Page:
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Anthony Carver: Bishop should resign

From the UPDATED COLLECTION: The Altman file, full coverage, reaction since public condemnation of Democrats series
Franciscan Hospitality House

Bishop Patrick Callahan offers a prayer of blessing at the Hospitality House at 114 N. Sixth St. when it opened in 2015. 

Last week, Bishop William Callahan suspended Father James Altman from public ministry. The primary reason seems to be Father Altman’s preaching about pro-abortion Catholics.

Since Roe v. Wade, we have witnessed institutionalized abortion in America that has resulted in the death of one million babies every year. The vanguard supporting this infrastructure of abortion for the past half century are Catholic politicians, yet the bishops do nothing about this scandal.

Bishops across the country basically operate as mid-level bureaucrats, only concerned with the inflow of donations and government monies, and with the avoidance of negative PR. The sex abuse scandal was a glaring indication of this reality. The bishops cared nothing about the abuse of children until it resulted in negative media attention and financial consequences in the form of lawsuits.

As part of this corruption, American bishops are aided and abetted by an army of overpaid quasi-bureaucrats who work for the various dioceses. Not only does this ecclesial bureaucracy takes millions in donations from lay Catholics while accomplishing nothing, but they act as a hindrance to needed church reform.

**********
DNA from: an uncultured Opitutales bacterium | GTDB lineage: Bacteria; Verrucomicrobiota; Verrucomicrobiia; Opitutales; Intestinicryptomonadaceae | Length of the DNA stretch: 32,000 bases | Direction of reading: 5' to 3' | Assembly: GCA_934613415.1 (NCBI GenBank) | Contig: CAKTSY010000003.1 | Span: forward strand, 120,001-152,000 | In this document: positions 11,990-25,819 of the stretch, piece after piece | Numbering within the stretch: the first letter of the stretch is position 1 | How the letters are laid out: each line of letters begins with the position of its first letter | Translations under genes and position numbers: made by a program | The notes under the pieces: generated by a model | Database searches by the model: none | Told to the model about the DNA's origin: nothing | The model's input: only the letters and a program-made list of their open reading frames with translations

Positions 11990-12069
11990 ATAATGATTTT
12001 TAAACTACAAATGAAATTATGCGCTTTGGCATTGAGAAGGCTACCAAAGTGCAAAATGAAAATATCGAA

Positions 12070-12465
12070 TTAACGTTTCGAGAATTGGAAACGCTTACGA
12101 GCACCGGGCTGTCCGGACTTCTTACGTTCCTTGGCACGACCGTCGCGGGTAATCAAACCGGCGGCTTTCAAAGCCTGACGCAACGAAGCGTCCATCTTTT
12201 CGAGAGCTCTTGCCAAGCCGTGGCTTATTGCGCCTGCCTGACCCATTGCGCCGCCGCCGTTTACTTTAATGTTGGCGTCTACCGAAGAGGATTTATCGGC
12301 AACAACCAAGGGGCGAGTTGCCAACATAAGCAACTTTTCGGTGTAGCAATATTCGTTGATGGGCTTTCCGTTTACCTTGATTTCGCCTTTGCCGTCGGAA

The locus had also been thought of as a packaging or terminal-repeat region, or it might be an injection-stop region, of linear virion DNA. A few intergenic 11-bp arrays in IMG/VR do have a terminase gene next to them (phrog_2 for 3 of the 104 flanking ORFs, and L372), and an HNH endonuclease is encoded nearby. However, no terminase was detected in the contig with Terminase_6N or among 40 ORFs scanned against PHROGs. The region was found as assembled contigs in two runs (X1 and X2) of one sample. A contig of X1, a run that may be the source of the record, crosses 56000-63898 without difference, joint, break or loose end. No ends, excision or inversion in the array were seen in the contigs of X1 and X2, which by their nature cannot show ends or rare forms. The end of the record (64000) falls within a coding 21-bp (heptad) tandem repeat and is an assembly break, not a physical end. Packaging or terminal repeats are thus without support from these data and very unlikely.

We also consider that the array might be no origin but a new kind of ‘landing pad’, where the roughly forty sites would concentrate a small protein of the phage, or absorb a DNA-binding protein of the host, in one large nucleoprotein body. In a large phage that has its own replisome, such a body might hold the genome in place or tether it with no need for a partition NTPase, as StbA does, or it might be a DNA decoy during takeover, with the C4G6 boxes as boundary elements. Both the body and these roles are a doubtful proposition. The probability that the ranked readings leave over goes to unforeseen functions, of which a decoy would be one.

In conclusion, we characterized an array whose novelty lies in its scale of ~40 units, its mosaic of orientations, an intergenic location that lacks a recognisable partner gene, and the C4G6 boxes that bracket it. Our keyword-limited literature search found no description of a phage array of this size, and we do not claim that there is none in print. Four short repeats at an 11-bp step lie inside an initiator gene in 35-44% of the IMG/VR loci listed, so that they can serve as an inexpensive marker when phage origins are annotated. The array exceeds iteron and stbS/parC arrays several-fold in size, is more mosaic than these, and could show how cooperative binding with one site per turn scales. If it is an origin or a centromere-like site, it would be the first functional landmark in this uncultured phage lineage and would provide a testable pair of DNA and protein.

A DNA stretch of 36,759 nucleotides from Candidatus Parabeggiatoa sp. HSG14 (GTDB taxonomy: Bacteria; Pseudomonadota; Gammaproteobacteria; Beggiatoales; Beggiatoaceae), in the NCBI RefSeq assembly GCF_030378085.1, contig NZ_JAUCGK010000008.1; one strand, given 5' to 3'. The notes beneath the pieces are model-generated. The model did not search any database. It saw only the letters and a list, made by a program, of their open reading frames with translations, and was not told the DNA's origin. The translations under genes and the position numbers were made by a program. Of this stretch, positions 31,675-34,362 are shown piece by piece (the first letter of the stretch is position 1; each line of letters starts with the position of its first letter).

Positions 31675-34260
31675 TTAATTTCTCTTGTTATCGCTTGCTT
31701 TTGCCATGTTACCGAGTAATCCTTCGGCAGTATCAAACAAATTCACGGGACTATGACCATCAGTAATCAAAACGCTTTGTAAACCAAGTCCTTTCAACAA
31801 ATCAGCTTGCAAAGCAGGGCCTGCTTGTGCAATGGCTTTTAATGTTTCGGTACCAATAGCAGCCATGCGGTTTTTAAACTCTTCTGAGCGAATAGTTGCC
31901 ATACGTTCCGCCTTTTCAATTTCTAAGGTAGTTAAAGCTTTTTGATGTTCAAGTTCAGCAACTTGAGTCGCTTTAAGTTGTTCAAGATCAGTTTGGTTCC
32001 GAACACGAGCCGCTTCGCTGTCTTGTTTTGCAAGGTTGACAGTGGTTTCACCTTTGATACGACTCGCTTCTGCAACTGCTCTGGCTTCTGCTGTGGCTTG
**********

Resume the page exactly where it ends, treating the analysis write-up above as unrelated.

Callahan has proven to be an ineffective and highly divisive leader. Attempting to project his own failings onto some small-town parish priest takes a breathtaking amount of hypocritical arrogance. As his position is becoming increasingly untenable, the bishop should prayerfully consider resigning at the earliest opportunity. Until he does, Catholics should refrain from sending any donations to the diocese and to special projects such as the cathedral restoration fund.

Anthony Carver

La Crosse 


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Like Ahmaud Arbery, I have stopped to check out home construction sites several times.  Like Arbery, I have walked on a site with no construction occurring, without permission and with no discernible identification that I belonged there. Both of us are technically guilty of trespassing.

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